The Order: 1886 is beatable in an afternoon. I can confirm that, now that its review embargo has lifted. The new, much-heralded PlayStation 4 exclusive from Californian studio Ready at Dawn will take up five to six hours of your time, assuming you repeat some of its cruel quick time event sequences (don't worry—they play the same every time) or fall under the gunfire of enemy NPCs (there's a shootout in a burning warehouse, fairly late on, that left me floored a couple of times). But if you've played a modern third-person cover shooter before—Gears of War, Uncharted, Binary Domain, Vanquish, Bulletstorm, Army of Two, Spec Ops: The Line, recent Resident Evils—you'll cruise right on through.
Drop-dead gorgeous visually, The Order: 1886 makes the most of its powerful platform in that respect, and its mythology-meets-science story and setting resonate with terrific potential. Its grimy London environments, from blood-smeared hospital wards to filthy Underground tunnels and the cobbles of a dilapidated Whitechapel, bounce from the screen. And it's well acted, too—Steve West brings a Mark Strong-like tone of upturned authority to the lead protagonist, Galahad, and Frederik Hamel has a ball hamming it up as French-American colleague-turned-pursuer the Marquis de Lafayette.
The steampunk-inspired alternative-timeline Victoriana atmosphere is inviting, indeed—but the whole thing's over long before a number of narrative strands are tidied. It's a pretty ballsy—or, more accurately, entirely naïve—move given there's no certainty of a sequel, and it's greatly disappointing that Ready at Dawn didn't do more to make The Order entirely self-contained. A memorable story would have served it well, as its gameplay is certainly nothing to slap a seal of approval on. Shoot, duck, reload, repeat—save for the brief stealth sections with fairly poorly implemented cover, and a single instance of touchpad deployment, where a Morse code message is sent to a patrolling airship via a series of holds and pokes.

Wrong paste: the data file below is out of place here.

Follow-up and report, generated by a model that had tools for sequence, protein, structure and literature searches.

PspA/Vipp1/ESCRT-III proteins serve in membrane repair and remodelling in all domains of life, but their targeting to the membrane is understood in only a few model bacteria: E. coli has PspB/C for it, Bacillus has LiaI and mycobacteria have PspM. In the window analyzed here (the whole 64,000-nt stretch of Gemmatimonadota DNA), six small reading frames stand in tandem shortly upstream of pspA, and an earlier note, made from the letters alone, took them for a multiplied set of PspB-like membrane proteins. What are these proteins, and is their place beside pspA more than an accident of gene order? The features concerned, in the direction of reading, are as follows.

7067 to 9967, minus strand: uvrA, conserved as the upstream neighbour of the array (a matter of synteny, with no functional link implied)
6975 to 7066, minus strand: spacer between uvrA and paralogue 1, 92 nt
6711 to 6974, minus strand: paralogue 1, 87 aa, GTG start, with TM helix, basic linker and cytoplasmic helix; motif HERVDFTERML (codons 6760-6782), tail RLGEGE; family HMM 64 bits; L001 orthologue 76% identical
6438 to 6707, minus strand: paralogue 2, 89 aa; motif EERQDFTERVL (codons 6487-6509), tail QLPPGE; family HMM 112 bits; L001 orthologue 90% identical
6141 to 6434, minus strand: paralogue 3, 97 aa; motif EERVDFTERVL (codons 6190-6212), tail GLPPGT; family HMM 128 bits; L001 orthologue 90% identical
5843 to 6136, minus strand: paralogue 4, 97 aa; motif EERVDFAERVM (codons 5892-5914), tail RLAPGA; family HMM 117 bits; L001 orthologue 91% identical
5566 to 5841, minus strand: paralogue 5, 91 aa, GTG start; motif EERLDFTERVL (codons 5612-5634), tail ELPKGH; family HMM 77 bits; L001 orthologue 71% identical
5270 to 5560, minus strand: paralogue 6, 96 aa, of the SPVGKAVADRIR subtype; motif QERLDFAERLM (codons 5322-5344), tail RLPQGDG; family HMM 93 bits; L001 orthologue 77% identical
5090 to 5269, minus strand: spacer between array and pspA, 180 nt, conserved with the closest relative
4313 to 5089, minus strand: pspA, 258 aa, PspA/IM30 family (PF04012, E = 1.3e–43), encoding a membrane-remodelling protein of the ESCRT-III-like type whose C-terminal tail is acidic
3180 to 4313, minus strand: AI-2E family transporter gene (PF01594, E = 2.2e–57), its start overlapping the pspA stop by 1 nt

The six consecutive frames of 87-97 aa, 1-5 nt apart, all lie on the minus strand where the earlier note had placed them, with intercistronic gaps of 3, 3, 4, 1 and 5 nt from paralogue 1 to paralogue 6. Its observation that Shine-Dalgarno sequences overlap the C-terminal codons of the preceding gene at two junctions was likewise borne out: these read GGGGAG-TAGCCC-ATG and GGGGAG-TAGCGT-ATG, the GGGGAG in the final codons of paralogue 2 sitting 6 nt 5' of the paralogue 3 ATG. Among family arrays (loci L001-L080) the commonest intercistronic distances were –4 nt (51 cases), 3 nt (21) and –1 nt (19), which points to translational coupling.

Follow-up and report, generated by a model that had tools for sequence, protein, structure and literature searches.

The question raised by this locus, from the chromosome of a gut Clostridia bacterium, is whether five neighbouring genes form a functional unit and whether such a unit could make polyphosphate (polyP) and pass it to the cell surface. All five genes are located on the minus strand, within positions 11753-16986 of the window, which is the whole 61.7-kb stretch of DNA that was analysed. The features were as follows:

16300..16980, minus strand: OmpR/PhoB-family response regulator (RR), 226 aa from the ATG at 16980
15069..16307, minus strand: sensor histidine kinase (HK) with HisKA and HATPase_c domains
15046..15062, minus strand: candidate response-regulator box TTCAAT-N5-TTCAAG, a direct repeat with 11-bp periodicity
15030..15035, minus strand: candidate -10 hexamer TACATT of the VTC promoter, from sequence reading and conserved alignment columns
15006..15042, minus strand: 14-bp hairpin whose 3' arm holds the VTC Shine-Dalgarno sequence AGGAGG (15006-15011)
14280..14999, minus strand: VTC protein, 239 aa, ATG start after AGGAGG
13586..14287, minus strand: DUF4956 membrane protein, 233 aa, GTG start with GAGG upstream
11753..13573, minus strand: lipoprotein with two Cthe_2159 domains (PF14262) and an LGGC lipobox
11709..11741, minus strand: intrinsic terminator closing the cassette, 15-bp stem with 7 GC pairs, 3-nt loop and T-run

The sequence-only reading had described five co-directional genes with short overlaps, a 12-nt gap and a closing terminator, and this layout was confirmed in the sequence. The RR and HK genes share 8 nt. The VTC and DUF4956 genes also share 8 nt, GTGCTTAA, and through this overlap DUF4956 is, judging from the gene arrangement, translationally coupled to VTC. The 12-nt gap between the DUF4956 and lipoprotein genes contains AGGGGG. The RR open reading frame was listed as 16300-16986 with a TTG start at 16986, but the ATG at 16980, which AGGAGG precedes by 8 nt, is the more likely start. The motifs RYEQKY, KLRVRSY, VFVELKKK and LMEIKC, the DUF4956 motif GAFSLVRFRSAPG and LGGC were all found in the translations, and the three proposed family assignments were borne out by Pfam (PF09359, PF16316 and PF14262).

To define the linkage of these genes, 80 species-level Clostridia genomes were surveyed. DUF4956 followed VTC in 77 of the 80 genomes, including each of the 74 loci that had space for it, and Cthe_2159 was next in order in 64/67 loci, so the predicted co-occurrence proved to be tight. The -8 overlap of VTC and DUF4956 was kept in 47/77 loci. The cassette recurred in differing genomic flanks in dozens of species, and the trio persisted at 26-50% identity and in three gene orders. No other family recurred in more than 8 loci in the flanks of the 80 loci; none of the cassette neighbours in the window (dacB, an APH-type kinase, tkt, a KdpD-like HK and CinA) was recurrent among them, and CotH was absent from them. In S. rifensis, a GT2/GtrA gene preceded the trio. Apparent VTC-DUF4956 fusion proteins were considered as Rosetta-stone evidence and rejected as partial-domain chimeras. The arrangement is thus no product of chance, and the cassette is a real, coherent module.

To me, it doesn't matter if a game is short so long as it's good. I don't agree with this idea of more gameplay hours representing better value for money, or that we, as gamers, are owed a certain amount of playtime for every pound we put in. The Order: 1886 isn't a great game. It's OK, perfunctorily engaging for a fleeting period, familiar to handle and possessing a few neat twists (and a couple of telegraphed ones) as it makes its way to an unsatisfactory conclusion. Would I pay $60 for it, or whatever retailers are asking for? Hell no. Halve it, and we'll talk. Wait for the sales, people. But there are plenty of other short games that I have loved, and even revisited for further playthroughs.
This is no definitive list of brilliant games that won't eat up your every waking hour, but off the top of my head Journey, Metal Gear Rising: Revengeance, and the aforementioned, Platinum-developed bullet-hell-goes-Gears-of-War blast of Vanquish stand out as superb examples of games that get in, deliver maximum bang for moderate buck, and get out again before the sweat's soaked into your pants. I've played all three more than once. I'm still picking my way through the charming Wii U exclusive Captain Toad: Treasure Tracker, and I'm reliably informed that's not a slog—I've put in maybe five hours so far, and I'm only a handful of puzzles from the end (albeit with a few of those diamonds yet to discover).